Using Moq to write Unit tests in VS2008

by MikeHogg 5. October 2011 18:26

I’ve read about Test Driven Development, and after trying it out myself I have noticed a difference in the code that I write, even if I am not using it for a particular project.  My classes have become simpler, my functions more atomic.  I write more for the Open Closed principle, that my classes are closed for modification, but open for extension, and I find my projects are more organized and development seems to be quicker even, as the base classes get written quicker, and then additional features drop right into place as if they were expected, rather than the spaghetti code that I used to eventually end up with.

There is a difference between Unit tests and other kinds of tests.  I have heard other developers say that they can’t test because most of their code is dependent upon some specific data layer, or web UI, and I think they might not know that Integration Testing is different than Unit testing.  This was what I meant about changing my writing style.  TDD prompted me to write smaller more abstract classes, with unit testable atomic functions, and then to write application specific interfaces and more specific inherited classes. 

In some cases, though, your tests cross the line, and you need integration testing, but there are several Mocking libraries out there now that make it easy to do this.  The main ones all appear to be similar.  Here is a simple project where I used Moq to fake my Data Service.  The Project had a few components.  The end user UI was WPF, and was built with MVVM. 

Because these UI related elements are decoupled from the actual UI in MVVM, I can unit test them.  Here are some tests for the MainViewModel, which takes a user in Constructor Dependency Injection.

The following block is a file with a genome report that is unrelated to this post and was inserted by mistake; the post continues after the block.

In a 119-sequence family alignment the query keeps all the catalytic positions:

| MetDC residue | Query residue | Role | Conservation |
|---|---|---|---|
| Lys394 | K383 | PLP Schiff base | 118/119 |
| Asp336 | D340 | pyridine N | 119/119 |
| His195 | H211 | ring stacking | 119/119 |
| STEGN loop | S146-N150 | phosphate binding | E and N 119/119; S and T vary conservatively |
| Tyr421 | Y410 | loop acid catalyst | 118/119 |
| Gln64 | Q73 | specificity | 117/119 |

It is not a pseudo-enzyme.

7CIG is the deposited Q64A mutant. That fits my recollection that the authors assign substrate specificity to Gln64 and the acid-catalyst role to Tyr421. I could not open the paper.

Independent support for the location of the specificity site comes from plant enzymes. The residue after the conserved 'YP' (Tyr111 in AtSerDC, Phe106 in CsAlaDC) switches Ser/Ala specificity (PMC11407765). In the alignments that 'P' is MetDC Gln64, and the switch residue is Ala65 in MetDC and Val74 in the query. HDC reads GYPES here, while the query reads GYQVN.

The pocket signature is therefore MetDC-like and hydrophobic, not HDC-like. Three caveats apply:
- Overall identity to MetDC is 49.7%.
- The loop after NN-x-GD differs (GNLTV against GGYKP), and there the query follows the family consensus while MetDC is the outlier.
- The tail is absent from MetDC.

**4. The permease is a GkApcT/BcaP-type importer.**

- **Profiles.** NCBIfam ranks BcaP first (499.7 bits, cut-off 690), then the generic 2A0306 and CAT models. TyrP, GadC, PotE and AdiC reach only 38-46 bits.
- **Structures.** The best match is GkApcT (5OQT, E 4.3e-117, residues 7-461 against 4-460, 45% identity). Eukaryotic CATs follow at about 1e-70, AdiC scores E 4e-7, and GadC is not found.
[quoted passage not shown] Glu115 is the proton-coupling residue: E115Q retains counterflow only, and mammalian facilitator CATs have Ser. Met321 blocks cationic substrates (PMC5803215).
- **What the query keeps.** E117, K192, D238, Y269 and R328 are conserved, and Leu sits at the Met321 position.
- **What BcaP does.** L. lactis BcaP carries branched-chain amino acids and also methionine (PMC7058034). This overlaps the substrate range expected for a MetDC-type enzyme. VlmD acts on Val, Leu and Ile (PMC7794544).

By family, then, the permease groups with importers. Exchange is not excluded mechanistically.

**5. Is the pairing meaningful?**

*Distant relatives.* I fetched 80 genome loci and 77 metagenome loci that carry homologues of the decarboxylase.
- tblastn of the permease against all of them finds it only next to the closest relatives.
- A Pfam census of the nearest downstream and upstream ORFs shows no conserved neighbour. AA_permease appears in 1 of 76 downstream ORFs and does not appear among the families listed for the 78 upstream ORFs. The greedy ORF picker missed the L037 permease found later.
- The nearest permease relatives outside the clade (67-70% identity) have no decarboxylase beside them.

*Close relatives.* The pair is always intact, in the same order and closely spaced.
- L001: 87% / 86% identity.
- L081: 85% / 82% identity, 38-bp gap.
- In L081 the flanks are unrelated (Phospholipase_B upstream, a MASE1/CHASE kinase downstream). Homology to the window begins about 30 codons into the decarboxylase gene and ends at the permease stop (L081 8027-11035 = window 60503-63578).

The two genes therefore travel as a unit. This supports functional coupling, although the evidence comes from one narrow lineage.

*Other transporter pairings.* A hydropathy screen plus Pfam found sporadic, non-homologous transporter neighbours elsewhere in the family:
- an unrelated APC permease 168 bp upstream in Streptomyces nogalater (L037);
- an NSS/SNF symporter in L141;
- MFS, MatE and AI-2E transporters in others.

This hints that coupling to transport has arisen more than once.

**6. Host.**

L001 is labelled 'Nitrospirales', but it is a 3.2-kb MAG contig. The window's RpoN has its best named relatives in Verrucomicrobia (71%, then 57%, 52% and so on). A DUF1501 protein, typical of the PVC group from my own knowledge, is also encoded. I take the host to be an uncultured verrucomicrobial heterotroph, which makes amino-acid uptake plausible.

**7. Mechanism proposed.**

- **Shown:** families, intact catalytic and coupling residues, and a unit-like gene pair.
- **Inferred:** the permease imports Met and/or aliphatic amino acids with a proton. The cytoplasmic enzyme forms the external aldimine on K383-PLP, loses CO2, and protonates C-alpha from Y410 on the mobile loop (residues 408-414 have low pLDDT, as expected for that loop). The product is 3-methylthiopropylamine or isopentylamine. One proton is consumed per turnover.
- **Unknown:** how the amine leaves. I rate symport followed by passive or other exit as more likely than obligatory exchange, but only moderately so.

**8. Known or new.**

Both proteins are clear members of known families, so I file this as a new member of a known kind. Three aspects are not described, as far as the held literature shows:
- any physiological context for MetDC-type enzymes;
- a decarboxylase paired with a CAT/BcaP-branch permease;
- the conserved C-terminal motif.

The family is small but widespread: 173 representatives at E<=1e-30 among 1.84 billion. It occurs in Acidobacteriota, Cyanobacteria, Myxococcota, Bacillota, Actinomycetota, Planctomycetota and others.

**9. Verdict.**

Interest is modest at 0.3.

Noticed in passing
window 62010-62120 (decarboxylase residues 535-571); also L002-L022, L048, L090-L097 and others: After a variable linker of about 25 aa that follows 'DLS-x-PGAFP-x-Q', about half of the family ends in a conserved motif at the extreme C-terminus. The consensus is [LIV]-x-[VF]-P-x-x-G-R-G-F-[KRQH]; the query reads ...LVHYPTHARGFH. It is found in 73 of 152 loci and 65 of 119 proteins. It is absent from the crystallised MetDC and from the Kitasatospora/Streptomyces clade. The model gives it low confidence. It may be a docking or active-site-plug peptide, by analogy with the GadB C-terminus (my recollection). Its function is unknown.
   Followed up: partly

[TestMethod()]
        [DeploymentItem("AUM.exe")]
        public void CanRestartServiceTest()
        {
            MainViewModel_Accessor target = new MainViewModel_Accessor(AdminUser); 
            Assert.IsTrue(target.CanRestartService());
            target = new MainViewModel_Accessor(ReadonlyUser);
            Assert.IsFalse(target.CanRestartService());
        }
 
        [TestMethod()]
        [DeploymentItem("AUM.exe")]
        public void CanLoadAllTablesTest()
        {
            MainViewModel_Accessor target = new MainViewModel_Accessor(AdminUser); 
            Assert.IsTrue(target.CanLoadAllTables());
            
            target._backgroundmanager.IsRunning = true;
            Assert.IsFalse (target.CanLoadAllTables());
            target = new MainViewModel_Accessor(ReadonlyUser);
            Assert.IsFalse(target.CanLoadAllTables());
        }
  
          
  
        [TestMethod()]
        [DeploymentItem("AUM.exe")]
        public void StartProgressBarTest()
        {
            MainViewModel_Accessor target = new MainViewModel_Accessor(AdminUser); 
            target.StartProgressBar();
            Assert.IsTrue(target.ProgressVisibility == Visibility.Visible);